Q&A: Here’s a big tax mistake you can easily avoid

Dear Liz: I’m self-employed and my wife wasn’t working last year. In December, we returned to California and found a small home to purchase using $107,000 I took out of my IRA. Since we weren’t quite certain of what our income would be, we received our health insurance in Oregon through an Affordable Care Act exchange.

When we filed our taxes we got hit with a $20,000 bill for the insurance, because we earned too much to qualify for subsidies, and a $10,000 bill for the IRA withdrawal. Our goal was to own our home outright, which we do, but now we have a $30,000 tax bill hanging over us.

Can we work with the IRS somehow on this? We didn’t “earn” the $107,000; we invested it in a home. It wasn’t income, so why should we be punished for using our savings to purchase a home?

Answer: If you mean, “Can I talk the IRS out of following the law?” then the answer is pretty clearly no. The IRA withdrawal was income. It doesn’t matter what you did with it.

Consider that you probably got a tax deduction when you contributed to the IRA, which means you didn’t pay income taxes on that money. The gains have been growing tax deferred, which means you didn’t pay tax on those, either.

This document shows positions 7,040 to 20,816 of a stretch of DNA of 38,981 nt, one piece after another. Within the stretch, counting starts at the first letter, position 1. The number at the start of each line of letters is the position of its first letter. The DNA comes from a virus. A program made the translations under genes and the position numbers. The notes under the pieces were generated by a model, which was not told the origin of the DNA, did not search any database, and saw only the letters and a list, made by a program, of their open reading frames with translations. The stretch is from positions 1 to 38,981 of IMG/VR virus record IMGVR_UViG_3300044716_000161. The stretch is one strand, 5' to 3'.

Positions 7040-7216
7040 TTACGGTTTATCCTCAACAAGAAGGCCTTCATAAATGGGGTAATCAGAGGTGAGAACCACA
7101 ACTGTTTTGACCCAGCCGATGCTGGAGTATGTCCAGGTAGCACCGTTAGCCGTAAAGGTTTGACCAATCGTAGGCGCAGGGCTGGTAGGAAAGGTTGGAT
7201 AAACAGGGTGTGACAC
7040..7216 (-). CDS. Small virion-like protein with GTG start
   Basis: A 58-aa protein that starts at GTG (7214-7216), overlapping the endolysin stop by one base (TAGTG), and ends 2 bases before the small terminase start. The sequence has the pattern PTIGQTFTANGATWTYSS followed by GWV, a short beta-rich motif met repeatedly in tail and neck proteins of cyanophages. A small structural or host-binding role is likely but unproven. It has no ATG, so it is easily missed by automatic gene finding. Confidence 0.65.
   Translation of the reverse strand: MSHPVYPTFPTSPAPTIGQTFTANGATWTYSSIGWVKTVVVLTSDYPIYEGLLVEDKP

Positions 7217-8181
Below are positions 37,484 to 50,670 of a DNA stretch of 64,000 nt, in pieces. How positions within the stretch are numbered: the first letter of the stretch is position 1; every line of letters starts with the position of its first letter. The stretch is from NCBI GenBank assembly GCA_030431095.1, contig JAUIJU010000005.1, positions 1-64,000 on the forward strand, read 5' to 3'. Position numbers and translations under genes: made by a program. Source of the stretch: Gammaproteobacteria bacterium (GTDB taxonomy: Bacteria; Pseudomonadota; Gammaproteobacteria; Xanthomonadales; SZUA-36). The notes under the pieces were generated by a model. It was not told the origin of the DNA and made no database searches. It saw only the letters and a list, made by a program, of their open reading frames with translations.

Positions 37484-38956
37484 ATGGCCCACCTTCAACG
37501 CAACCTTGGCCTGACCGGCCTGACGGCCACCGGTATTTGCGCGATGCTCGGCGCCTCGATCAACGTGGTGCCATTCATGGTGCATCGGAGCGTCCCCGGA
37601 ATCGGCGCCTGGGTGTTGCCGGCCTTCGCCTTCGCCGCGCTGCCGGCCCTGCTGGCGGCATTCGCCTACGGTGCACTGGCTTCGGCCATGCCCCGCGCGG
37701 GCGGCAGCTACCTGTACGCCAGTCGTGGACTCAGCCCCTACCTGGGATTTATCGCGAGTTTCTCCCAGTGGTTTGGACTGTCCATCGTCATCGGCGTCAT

Uncle Sam gave you those breaks to encourage you to save for retirement, but he wants to get paid eventually. That’s why IRAs and most other retirement accounts are subject to required minimum distributions and don’t get the step-up in tax basis that other investments typically get when the account owner dies.

(If you did not get a tax deduction on your contributions, by the way, then part of your withdrawal should have been tax-free. If you’d contributed to a Roth IRA, your contributions would not have been deductible but withdrawals in retirement would be tax-free.)

The IRS does offer long-term payment plans that may help. People who owe less than $50,000 can get up to six years to pay their balances off. You would file Form 9465 to request a payment plan. The IRS’ site has details.

Here’s a good rule to follow in the future: If you’re considering taking any money from a retirement account, talk to a tax professional first. People often dramatically underestimate the cost of tapping their 401(k)s and IRAs; a tax pro can set you straight.

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Comments

  1. Gretchen Gonzalez says

    I love receiving your newsletters.
    I’m wondering if I have any recourse to obtain a refund from a trust attorney/CPA. He kept my money paid up front, did nothing. I sent numerous emails; he only answered two-months apart. Is there a statute of limitations on something like this? What agencies should I contact to pursue this? I saw a review on yelp that this “lawyer/CPA” has done the same thing to others.

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